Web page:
‘Emma Tustin and Thomas Hughes grossly abused their position and subjected an innocent child to emotional and physical abuse,’ says attorney general
Jail sentences handed to the father and stepmother of Arthur Labinjo-Hughes for killing the six-year-old have been referred to the Court of Appeal for being too lenient, attorney-general Suella Braverman has announced.
Arthur was starved, poisoned, beaten, abused and murdered by his stepmother, 32-year-old Emma Tustin, who was jailed earlier this month for life with a minimum term of 29 years.
His father, Thomas Hughes, 29, was sentenced to 21 years for manslaughter. Both offenders were also convicted of child cruelty.
Arthur was left with an unsurvivable brain injury while in the sole care of Tustin, who fatally assaulted him with severe force at their home in Solihull in June last year before he died in hospital the following day, Coventry Crown Court heard.
“Manipulative” and “calculating” Tustin was unanimously convicted after an eight-week trial trial.
Jailing the pair at Birmingham Crown Court, Mr Justice Mark Wall QC said the trial had been “without doubt one of the most distressing and disturbing cases I have had to deal with”.
The court previously heard how Tustin repeatedly banged Arthur’s head on a hard surface in the hours leading up to his death, after she and Hughes carried out a campaign of abuse, including force-feeding him food covered in salt.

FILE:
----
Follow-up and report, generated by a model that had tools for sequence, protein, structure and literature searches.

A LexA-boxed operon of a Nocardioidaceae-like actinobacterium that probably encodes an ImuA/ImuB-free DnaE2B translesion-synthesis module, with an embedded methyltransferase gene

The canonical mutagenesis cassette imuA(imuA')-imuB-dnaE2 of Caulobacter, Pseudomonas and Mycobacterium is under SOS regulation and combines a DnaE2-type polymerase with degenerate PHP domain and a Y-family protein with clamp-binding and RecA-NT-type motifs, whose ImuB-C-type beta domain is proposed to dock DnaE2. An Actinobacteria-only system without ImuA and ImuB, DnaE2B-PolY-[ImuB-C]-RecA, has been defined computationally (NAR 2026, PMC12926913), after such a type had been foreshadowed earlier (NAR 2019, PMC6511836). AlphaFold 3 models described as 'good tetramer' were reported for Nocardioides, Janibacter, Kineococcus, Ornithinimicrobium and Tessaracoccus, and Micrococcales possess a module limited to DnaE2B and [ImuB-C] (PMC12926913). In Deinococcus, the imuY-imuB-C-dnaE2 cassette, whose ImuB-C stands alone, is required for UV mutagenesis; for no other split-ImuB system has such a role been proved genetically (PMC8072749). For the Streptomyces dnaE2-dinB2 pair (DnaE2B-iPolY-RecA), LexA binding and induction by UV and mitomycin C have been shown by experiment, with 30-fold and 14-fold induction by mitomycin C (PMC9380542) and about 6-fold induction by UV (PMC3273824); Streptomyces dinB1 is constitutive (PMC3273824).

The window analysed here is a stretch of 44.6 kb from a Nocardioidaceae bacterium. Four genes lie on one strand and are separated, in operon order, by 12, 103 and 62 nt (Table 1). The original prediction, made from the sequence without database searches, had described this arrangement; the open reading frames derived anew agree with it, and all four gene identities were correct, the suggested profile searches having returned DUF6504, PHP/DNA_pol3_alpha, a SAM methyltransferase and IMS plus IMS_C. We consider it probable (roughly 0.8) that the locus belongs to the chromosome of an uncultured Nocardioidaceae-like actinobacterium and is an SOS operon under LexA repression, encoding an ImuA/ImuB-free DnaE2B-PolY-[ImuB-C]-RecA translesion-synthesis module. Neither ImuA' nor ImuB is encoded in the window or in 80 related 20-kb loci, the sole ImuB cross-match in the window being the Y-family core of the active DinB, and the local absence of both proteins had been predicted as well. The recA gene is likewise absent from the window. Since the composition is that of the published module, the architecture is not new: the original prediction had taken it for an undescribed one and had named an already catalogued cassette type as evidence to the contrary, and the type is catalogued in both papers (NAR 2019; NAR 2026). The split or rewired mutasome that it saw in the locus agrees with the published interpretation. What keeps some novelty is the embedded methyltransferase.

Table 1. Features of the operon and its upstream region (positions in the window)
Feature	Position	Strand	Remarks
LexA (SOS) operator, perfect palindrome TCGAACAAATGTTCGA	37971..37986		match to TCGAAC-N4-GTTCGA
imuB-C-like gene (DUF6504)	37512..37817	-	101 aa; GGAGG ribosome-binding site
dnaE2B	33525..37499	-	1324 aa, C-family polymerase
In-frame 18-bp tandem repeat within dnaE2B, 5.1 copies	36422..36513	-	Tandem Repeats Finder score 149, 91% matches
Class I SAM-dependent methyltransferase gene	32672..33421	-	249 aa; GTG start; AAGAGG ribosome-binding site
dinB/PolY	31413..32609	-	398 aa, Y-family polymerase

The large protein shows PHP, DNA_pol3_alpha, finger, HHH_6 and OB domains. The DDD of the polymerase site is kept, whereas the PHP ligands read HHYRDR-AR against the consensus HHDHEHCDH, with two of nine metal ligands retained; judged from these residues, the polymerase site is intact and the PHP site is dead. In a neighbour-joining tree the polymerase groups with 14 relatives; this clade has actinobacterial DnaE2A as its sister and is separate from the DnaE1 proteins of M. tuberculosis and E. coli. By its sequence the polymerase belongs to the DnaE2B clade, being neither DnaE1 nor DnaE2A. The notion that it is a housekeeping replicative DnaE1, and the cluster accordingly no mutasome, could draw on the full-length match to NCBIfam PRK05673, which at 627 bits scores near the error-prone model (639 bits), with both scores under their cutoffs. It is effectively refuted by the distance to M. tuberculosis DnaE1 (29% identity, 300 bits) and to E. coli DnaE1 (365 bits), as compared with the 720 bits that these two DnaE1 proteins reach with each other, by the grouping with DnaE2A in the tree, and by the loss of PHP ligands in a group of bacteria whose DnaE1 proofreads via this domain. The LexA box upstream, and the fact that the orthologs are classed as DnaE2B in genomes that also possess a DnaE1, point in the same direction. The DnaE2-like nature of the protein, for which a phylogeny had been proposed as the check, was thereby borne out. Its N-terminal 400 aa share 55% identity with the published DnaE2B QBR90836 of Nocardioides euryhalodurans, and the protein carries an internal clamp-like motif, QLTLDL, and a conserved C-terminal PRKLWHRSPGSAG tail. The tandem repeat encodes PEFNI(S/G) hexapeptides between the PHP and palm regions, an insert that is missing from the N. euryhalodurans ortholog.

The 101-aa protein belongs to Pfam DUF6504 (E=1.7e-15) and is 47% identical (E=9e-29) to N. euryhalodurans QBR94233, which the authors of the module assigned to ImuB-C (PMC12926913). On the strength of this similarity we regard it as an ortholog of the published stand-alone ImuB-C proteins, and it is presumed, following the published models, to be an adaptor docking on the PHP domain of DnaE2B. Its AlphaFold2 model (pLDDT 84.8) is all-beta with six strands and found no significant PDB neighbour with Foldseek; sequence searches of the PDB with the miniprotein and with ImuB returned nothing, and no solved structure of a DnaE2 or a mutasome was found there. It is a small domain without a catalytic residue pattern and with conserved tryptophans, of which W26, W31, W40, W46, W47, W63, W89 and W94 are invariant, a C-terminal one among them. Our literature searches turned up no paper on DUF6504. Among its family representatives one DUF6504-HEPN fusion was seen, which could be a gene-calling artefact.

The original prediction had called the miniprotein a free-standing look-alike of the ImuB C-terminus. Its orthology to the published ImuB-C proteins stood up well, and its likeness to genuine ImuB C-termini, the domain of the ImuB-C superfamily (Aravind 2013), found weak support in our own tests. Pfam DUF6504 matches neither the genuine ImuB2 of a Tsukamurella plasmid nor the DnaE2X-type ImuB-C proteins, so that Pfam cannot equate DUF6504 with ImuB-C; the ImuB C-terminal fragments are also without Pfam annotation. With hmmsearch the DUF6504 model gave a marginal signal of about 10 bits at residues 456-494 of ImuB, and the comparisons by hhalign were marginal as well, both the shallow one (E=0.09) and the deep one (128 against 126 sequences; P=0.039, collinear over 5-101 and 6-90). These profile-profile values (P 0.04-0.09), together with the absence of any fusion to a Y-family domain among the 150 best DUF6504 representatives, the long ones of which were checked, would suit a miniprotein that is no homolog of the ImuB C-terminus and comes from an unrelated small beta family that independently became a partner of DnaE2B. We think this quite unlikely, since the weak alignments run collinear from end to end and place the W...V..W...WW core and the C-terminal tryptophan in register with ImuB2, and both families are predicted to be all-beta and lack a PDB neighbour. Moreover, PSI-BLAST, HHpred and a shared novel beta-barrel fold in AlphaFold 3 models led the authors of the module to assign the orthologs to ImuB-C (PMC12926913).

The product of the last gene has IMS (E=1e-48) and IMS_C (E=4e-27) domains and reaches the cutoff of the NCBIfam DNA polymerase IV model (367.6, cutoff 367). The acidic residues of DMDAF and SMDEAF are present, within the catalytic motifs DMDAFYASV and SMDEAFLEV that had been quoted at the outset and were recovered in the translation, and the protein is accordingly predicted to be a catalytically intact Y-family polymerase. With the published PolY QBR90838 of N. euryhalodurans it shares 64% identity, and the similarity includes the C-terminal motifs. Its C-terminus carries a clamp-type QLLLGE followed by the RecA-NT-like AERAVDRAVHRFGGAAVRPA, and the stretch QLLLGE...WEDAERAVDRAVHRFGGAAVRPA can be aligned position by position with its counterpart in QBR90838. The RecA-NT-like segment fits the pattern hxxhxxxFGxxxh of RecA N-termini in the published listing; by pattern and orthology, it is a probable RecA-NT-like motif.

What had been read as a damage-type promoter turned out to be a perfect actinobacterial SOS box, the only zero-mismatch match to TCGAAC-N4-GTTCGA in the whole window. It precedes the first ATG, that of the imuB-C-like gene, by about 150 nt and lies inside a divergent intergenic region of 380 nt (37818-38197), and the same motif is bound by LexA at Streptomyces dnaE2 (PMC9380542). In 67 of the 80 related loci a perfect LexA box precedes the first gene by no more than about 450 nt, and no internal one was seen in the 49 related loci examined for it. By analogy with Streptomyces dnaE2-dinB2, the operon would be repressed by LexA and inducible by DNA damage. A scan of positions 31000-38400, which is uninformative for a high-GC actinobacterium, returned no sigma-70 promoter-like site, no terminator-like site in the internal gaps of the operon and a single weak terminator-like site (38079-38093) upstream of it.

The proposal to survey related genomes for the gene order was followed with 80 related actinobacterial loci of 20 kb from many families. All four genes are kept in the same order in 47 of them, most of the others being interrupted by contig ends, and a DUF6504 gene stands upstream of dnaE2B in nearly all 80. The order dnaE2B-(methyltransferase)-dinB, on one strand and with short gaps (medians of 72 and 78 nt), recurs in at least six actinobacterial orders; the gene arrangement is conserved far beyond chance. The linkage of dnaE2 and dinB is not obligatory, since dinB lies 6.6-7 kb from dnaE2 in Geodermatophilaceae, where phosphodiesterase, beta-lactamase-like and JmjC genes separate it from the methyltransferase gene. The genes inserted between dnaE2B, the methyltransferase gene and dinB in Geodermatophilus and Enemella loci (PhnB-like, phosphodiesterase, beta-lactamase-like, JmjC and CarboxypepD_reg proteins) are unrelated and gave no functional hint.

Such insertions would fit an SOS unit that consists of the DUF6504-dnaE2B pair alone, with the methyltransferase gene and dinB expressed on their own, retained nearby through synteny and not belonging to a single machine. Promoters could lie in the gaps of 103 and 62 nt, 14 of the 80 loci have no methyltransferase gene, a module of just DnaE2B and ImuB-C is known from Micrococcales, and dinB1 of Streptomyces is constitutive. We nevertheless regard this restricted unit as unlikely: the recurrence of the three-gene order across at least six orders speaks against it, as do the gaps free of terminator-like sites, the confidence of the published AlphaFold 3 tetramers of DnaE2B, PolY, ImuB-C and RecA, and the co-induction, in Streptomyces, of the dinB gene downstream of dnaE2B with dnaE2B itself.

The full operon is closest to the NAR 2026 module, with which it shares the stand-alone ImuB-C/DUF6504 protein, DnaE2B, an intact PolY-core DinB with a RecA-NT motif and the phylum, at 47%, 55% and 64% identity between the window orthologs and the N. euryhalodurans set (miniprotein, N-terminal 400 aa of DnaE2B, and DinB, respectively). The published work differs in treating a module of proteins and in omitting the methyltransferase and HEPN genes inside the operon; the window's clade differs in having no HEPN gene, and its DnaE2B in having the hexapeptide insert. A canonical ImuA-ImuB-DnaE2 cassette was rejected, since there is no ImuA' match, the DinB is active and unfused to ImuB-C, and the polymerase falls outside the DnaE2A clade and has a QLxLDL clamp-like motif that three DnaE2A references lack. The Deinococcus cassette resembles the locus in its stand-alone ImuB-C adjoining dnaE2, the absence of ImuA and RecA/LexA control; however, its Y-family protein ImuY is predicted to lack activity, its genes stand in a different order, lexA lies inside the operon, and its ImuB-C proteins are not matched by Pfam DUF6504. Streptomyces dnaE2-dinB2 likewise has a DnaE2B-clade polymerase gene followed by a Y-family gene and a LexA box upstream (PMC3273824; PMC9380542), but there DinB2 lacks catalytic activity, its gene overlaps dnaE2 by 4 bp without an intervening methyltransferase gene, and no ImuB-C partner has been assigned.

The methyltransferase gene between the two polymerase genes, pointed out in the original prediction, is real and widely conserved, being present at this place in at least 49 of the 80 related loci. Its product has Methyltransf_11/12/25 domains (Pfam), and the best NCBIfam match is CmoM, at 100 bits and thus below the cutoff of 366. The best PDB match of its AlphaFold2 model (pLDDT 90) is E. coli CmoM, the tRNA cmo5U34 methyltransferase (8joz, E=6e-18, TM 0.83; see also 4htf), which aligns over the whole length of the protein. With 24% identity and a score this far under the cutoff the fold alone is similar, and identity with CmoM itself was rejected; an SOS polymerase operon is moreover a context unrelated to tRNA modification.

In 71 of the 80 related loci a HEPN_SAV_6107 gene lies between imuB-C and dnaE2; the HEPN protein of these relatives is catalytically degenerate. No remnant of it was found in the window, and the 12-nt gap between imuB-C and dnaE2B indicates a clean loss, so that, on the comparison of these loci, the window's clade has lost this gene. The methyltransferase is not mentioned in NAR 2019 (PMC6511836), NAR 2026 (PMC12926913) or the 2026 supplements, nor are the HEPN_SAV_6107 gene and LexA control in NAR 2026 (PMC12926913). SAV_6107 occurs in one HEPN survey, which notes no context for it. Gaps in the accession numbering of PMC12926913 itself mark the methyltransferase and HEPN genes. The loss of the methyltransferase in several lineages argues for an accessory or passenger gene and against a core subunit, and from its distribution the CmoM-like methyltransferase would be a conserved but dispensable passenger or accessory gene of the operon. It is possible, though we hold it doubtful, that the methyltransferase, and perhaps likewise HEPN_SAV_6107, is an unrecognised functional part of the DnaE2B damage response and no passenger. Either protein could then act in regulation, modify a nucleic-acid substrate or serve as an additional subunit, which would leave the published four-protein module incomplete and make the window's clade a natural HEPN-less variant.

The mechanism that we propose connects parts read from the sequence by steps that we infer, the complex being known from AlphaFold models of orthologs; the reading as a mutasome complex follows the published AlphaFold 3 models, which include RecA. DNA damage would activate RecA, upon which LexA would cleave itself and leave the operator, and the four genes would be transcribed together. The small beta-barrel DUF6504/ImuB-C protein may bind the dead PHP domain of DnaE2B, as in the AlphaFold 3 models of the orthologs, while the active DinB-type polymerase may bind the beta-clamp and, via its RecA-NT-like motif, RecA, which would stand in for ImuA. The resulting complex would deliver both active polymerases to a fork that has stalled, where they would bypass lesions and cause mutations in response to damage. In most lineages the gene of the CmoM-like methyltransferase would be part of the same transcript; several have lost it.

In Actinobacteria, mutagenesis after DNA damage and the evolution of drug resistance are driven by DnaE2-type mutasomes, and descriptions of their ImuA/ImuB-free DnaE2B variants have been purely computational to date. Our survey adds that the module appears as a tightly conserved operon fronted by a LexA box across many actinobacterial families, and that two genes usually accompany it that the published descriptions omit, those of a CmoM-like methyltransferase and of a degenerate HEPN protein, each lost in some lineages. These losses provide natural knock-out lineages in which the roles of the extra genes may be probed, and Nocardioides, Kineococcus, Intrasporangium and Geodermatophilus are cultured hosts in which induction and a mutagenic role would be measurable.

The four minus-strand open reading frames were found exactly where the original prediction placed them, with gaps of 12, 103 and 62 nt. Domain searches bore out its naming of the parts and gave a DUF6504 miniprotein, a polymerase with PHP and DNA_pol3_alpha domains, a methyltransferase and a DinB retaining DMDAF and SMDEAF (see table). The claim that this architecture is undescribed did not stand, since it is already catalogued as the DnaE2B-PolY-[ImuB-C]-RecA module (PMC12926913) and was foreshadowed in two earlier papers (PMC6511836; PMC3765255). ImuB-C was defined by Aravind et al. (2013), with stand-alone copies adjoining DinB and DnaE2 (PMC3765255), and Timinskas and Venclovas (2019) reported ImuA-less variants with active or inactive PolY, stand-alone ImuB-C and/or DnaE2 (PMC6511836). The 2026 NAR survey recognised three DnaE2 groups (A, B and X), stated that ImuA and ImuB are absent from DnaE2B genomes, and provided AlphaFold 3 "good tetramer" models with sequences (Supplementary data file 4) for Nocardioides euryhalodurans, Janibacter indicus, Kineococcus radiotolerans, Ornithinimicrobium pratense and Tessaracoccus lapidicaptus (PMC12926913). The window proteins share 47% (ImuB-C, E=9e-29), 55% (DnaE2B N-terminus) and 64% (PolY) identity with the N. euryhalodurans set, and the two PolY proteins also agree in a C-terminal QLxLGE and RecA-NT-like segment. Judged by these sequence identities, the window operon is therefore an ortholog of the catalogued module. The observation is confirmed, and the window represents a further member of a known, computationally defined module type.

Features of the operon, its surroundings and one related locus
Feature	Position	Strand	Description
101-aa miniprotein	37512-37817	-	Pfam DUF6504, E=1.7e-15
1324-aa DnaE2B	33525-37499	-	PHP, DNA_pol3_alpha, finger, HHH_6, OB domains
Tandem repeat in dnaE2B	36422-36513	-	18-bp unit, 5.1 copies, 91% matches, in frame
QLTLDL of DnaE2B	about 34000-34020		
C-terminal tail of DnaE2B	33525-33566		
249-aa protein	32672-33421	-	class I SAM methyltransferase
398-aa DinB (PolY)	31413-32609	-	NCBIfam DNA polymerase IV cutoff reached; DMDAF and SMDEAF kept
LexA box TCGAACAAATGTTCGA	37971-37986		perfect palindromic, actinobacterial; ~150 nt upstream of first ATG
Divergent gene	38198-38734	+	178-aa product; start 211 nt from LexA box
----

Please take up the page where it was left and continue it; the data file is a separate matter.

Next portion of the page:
It emerged at the trial that Arthur had been seen by social workers just two months before his death, after concerns were raised by his paternal grandmother Joanne Hughes, but they concluded there were “no safeguarding concerns”.
The government launched a national review of lessons to be learnt from the boy’s death.
Referring the case to the Court of Appeal, Ms Braverman said: “This is an extremely upsetting and disturbing case, involving a clearly vulnerable young child.
“Emma Tustin and Thomas Hughes grossly abused their position of trust and subjected an innocent child, who they should have been protecting, to continued emotional and physical abuse.
“I understand how distressing the public have found this case, but it is my job to decide if a sentence appears to be unduly lenient based on the facts of the case.
“I have carefully considered the details of this case, and I have decided to refer the sentences to the Court of Appeal as I believe them to be too low.”
The Unduly Lenient Sentencing scheme allows victims of crime, their families, prosecutors and the public to ask law officers to review sentences for certain crimes that fall within the scheme that they believe are too low.
A date for the hearing at the Court of Appeal is yet to be set.